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This Week in PowerBites: Powering the IoT, Tech for Humanity

May 14, 2020
Two solutions give extra life to coin-cell-powered IoT devices, a new controller makes synchronous rectification practical, and a conference looks beyond the COVID pandemic at how tech can help us become safer and healthier.

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Smart PMICs Trim Active, Sleep Currents to Extend Life of Battery-Powered IoT Apps

Silicon Labs' EFP01family of energy-friendly power-management ICs (PMICs) provides a flexible, system-level power-management solution enhancing the energy efficiency of battery-powered applications, including IoT sensors, asset tags, smart meters, home and building automation, security, and health and wellness products. These PMICs enable developers to choose the optimal battery type and chemistries for their applications with multiple output rails and voltages. The EFP0 family includes dedicated companion chips for Silicon Labs' ultra-efficient EFR32 wireless devices and EFM32 microcontrollers (MCUs).

Features include:

  • Flexible input/output voltage: Accepts input voltages from 0.8 to 5.5 V.
  • Flexible use cases: The PMICs support buck or boost voltage modes, as well as combined “boost bootstrap” mode, used for low-voltage, high-current rails in IoT products requiring coin-cell power.
  • Multiple output power rails: Enables an entire IoT product to be powered by one PMIC.
  • Low quiescent current: With quiescent current as low as 150 nA.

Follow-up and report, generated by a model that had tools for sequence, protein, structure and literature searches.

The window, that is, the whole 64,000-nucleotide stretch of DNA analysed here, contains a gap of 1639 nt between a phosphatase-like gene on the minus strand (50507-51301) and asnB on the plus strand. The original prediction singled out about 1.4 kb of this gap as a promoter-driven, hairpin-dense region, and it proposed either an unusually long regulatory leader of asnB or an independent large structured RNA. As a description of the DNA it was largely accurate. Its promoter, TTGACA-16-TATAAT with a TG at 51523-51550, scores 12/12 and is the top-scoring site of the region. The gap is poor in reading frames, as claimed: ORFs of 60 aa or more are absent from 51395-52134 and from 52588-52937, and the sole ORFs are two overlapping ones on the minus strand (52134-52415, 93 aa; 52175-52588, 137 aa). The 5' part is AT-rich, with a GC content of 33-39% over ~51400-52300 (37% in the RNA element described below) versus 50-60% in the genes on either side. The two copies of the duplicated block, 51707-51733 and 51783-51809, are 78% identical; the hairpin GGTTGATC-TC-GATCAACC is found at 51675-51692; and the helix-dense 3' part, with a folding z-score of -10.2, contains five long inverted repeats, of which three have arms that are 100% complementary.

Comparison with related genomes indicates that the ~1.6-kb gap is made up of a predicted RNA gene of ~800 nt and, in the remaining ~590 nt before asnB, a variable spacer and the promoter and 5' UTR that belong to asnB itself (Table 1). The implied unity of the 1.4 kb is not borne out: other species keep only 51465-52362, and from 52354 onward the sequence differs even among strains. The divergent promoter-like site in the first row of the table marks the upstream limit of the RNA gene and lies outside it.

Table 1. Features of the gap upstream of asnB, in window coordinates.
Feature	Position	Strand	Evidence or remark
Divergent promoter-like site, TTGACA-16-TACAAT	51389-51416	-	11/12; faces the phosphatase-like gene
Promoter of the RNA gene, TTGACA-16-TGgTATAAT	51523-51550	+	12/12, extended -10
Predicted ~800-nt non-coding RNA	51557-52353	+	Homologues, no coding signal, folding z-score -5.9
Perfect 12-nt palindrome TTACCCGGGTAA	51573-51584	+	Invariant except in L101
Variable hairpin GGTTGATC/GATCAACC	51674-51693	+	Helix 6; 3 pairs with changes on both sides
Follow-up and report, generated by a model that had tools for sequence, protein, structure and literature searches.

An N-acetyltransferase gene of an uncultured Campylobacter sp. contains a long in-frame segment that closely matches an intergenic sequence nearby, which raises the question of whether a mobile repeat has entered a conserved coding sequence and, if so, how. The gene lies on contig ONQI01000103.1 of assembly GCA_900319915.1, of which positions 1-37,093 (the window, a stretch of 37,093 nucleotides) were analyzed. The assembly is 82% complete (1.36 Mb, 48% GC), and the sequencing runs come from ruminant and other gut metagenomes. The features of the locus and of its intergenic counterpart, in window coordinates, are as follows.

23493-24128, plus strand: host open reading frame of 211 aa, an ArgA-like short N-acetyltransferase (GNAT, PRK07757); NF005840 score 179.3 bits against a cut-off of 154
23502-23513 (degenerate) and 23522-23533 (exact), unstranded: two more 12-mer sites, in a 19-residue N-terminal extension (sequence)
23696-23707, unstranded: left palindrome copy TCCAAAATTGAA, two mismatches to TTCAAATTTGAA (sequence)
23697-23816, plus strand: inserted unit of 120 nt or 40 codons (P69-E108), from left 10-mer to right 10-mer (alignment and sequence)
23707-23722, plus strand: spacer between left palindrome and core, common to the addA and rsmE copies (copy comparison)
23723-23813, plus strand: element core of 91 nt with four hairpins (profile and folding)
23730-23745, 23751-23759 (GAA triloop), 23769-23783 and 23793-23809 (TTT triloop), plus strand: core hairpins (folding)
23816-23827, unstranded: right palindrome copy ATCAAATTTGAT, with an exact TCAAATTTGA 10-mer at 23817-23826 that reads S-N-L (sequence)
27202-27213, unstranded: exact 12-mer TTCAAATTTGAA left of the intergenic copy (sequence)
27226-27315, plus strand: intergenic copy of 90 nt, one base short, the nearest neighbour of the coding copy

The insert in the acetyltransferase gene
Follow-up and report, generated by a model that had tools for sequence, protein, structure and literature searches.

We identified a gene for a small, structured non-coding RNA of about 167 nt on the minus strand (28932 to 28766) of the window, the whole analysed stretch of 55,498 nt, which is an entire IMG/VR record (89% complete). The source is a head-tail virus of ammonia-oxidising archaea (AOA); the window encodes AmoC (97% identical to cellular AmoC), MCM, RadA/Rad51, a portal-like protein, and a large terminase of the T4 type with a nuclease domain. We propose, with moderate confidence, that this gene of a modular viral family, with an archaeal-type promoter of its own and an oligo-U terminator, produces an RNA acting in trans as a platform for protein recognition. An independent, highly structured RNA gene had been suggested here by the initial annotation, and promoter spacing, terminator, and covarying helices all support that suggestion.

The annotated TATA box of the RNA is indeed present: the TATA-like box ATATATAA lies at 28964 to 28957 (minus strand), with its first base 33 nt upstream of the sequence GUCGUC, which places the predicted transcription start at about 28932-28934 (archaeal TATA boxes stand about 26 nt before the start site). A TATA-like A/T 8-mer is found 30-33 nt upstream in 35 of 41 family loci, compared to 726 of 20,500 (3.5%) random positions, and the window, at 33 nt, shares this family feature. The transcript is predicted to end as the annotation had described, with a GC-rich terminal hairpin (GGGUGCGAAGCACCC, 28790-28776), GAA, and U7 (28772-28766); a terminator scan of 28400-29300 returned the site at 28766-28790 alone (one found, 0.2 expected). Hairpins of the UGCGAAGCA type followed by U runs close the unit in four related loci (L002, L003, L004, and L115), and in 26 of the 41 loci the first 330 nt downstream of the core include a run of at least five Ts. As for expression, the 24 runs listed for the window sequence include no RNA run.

• Coulomb counting: Enables precision battery management for longer life.

Samples and production quantities of EFP01 PMICs in a 3- × 3-mm QFN20 package are available now, with prices starting at $0.55 (USD MSRP) in 10,000-unit quantities. Three development boards are available, too, as well as Simplicity Studio, which offers energy profiler and network analyzer tools, wireless stacks, and reference designs. To order PMIC samples and boards, visit

PowerBites Says: This announcement is important because much of the IoT's ability to add intelligence to everything from power grids to medical supply chains lies in large networks of low-cost, long-life, battery-powered sensors. Silicon Labs' new products promise to help your application squeeze the maximum life out of whatever coin cell or energy-harvesting system you choose to implement. And while these devices can enhance the service life of any ultra-low-power MCU, do consider their efficient EFR32 wireless devices and EFM32 MCUs, which were originally developed by Gecko before they were acquired by Silicon Labs. Back then, they pioneered several energy-conserving architectural features, including small "sleepwalking" peripherals that carried out routine measurement and monitoring tasks while the rest of the MCU remained in deep sleep. 

MANCEF Conference Invites Submissions on Applying Emerging Technologies to Enhancing Quality of Life 

The Micro, Nano and Emerging Technologies Commercialization Education Foundation (MANCEF) has selected “Commercialization of Converging Technologies to Enhance Quality of Life” as the theme of its 23rd annual COMS Conference, to be held October 19-22, 2020 at the Conference Center at Universities of Shady Grove in the backdrop of Washington D.C. In light of the recent COVID-19 pandemic, the deadline for the submissions of abstracts has been extended to May 22, 2020. 

Presentations that include case actual studies are highly encouraged.

Abstracts of length 150-200 words that address the topics of converging technologies are requested to be received no later than May 22, 2020.  These could include case studies in the following areas:

  • Autonomous systems
  • Digital/additive manufacturing
  • Digital healthcare/telemedicine
  • Efficient agri/aqua- culture
  • Environmental monitoring
  • MEMS, energy harvesting and/or sensor-enabled apps
  • Information and national security
  • Smart city, resilient/sustainable infrastructure to overcome environmental and medical disasters
  • Wearables to track fitness, health and location